Getting back to Korzybski, the following excerpt is from article The Eccentric Polish Count Who Influenced Classic Science Fiction’s Greatest Writers” by Lee Konstatinou:

“We mistake words for things because Aristotelian concepts have conditioned our thinking. When we use the word “cat,” for instance, most of us supposedly take for granted that the word “cat” wholly describes the creature under discussion. But language necessarily, Korzybski emphasized, abstracts from the empirical world. (He called this doctrine “non-allness.”) The cat is never only a cat. At best, language can create an incomplete, albeit useful, map of our environment.” 

I read about the blind man and elephant parable while studying Buddhism. The concept was not taught to me during my public schooling nor did I learn this from my parents.  I learned about Korzybski’s ideas after I wrote my book Harmonizing Consciousness, How the Acquired Faculty of Language Wreaks Havoc on Human Consciousness, and What We Can Do About It (2018). I remember feeling like I had found an old friend when I read about him. And I only learned about the labels ‘linguistic relativity’ and ‘Sapir -Whorf hypothesis’ today while researching this article today. These are labels our culture has created and have nothing to do with the wisdom itself, which is beyond words.

The latest science research proves linguistic relativism as true for cultures but very little research has been done on the fact that each PERSON’S world is completely unique even within the same language. This is being attempted but it is very difficult to undertake because each person’s reality is beyond words, using our senses and imagery in unique ways and therefore is elusive and subjective – and always changing. This is because each of us have individual associations to words, different life experience, different genes and so forth. The bottom line is that each of us reside in our own individual world because of language. We can sense each other and relate reams of information without a word but language uses a few symbols which most likely have different meanings for each person and we assume we are speaking about the same thing. Try naming the feeling of aliveness and reverence. How many names are there for the feeling behind God, Spirit or Universe?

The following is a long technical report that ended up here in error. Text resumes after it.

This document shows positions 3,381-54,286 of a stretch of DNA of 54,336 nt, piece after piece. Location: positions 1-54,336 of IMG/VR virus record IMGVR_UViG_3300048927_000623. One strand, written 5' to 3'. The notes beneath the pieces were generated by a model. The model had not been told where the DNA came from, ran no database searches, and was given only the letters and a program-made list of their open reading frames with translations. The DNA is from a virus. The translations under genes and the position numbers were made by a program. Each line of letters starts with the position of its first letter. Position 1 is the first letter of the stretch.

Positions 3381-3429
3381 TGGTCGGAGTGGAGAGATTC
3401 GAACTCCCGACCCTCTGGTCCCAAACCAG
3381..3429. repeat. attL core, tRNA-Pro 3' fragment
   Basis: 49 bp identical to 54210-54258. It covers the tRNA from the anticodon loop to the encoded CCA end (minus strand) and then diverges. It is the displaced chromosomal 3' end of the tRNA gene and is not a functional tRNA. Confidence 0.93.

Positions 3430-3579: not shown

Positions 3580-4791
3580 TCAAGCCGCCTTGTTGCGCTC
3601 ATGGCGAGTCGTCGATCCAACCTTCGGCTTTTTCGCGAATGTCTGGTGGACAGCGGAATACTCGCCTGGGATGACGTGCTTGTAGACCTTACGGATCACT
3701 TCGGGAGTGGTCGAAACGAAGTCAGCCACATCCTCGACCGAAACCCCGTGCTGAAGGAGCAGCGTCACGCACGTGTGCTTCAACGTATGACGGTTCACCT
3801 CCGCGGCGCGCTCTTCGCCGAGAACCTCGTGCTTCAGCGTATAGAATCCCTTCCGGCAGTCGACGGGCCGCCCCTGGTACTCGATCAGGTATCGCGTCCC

It turns out that although language shares information over space and time, it does not hook into nature to accomplish this.  Language is divisive. It pulls us out of the flow of subtle information streaming into us from our environment and from within. It’s because we have to interpret the symbols that we feel alone and isolated. We enjoy our inner fantasies very much however!  We may sit in the same movie theatre and watch the same show but each of us is having an entirely different experience. When we are silent and connecting with others on nonverbal levels, we feel most connected with others in the realest sense – because our senses are being engaged and the divisive filter of language is absent. To nature, language is a dumbing down process, one that oversimplifies and misses reality completely. Reality is always now, in this moment.

I first experienced the deep truth of how different our inner lives are during a specific group meditation practice (Star Group practice) and then later I very profoundly experienced this with each of my clients as a hypnotherapist. Because I am open to experiencing the experience of others in my own cells and body processes – my senses are open – and because I trust my sensing faculties completely, I am able to follow the different processes of others in a unique way, something that was not taught in school or by my parents!

That we are fundamentally different in how we know and experience life is important information we must all learn to incorporate into our individual maps. This act would be unifying and help us better navigate our territory which is nature.

Let’s sense the interconnectivity of our territory, together.